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Heat wave to arrive in Southern California just in time for Memorial Day

Heat wave
Jeremy Moskovitz practices physical distancing along with other visitors to Bluff Park in Long Beach in early May.
(Luis Sinco / Los Angeles Times)

Southern California’s third heat wave of the year is poised to bring scorching temperatures just in time for Memorial Day celebrations, but officials are cautioning the public to remain vigilant about social distancing when heading outside to soak up some sun.

While temperatures along the coast are expected to linger in the mid-70s throughout the weekend and early into next week, the mercury will rise significantly beginning Monday — into triple digits in some areas — in the San Fernando Valley, San Gabriel Valley and Inland Empire, said Eric Boldt, a meteorologist with the National Weather Service in Oxnard.

The heat wave is expected to peak Wednesday, but warm weather will likely linger a while, Boldt said.

“These high temperatures are going to continue pretty much through next week,” he said. “We might see a little relief toward Friday and Saturday, but it seems like the rest of May is going to be warm.”

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Temperatures throughout Southern California are expected to be about 20 degrees above normal for the time of year.

Downtown Los Angeles is expected to see temperatures into the mid-80s on Memorial Day, while more inland cities like Pasadena are expected to top 90 degrees. Desert regions, including Palm Springs, will sizzle with 100-degree temperatures through much of next week, forecasters said.

The weather service issued an excessive heat watch for the San Diego County deserts, Apple and Lucerne valleys and the Coachella Valley, warning of dangerously hot conditions beginning Monday morning and lasting until Friday evening. Temperatures between 105 and 110 degrees are possible in the low deserts and 100-106 degrees in the high desert.

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“Extreme heat will significantly increase the potential for heat-related illnesses, particularly for sensitive groups and those working or participating in outdoor activities,” the weather service wrote.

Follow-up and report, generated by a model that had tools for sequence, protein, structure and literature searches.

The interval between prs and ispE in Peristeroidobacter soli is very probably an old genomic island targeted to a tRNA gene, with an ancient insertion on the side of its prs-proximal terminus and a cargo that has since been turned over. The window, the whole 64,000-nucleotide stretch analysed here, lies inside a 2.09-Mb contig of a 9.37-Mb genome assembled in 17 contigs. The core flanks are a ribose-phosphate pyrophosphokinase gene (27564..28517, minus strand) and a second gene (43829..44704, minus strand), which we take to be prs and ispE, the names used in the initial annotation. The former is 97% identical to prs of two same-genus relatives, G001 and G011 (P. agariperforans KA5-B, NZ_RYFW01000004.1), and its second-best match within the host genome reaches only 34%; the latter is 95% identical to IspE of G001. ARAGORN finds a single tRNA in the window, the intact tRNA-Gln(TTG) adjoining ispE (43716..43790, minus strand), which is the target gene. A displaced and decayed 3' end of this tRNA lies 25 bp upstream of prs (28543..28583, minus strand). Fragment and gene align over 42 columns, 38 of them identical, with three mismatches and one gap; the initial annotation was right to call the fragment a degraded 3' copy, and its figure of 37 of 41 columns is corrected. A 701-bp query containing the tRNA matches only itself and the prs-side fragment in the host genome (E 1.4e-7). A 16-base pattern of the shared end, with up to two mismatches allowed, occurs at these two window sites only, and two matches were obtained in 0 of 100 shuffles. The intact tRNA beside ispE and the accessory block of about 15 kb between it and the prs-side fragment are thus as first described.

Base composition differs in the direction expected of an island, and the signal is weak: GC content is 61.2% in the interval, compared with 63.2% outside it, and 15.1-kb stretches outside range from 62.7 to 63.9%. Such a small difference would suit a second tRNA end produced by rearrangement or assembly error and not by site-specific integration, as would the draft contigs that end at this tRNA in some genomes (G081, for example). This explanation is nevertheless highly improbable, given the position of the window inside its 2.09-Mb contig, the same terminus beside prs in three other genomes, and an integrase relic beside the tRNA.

Seal Beach, Huntington Beach and Newport Beach are now open daily from before sun-up to past dawn. Laguna Beach is keeping stricter weekend times, closing midday.

Officials anticipate that many Californians will flock to the coast to get some relief. After sometimes lengthy closures amid the coronavirus outbreak, many Southern California beaches have recently reopened with certain modifications.

Beachgoers won’t be able to bring their coolers and umbrellas and lounge on the sand this weekend, but active uses including walking, jogging and swimming are allowed along the coast in Los Angeles, Orange and San Diego counties. Los Angeles County officials announced that beach bike paths and some beach parking lots are reopening in time for the holiday weekend.

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While Los Angeles County Public Health Director Barbara Ferrer encouraged Angelenos to celebrate Memorial Day and enjoy being outside, she warned them to allow for physical distancing and refrain from packing the sand during beach outings.

Memorial Day will be very different in 2020. Instead of large gatherings with friends and family, try some of these alternatives.

“Many of our beautiful outdoor spaces are open, and we can enjoy them as we practice physical distancing and wear our cloth face coverings when we’re around other people,” Ferrer said during a news conference this week.

“The virus hasn’t changed. It’s still relatively easy to become infected, particularly if you’re not taking precautions.”


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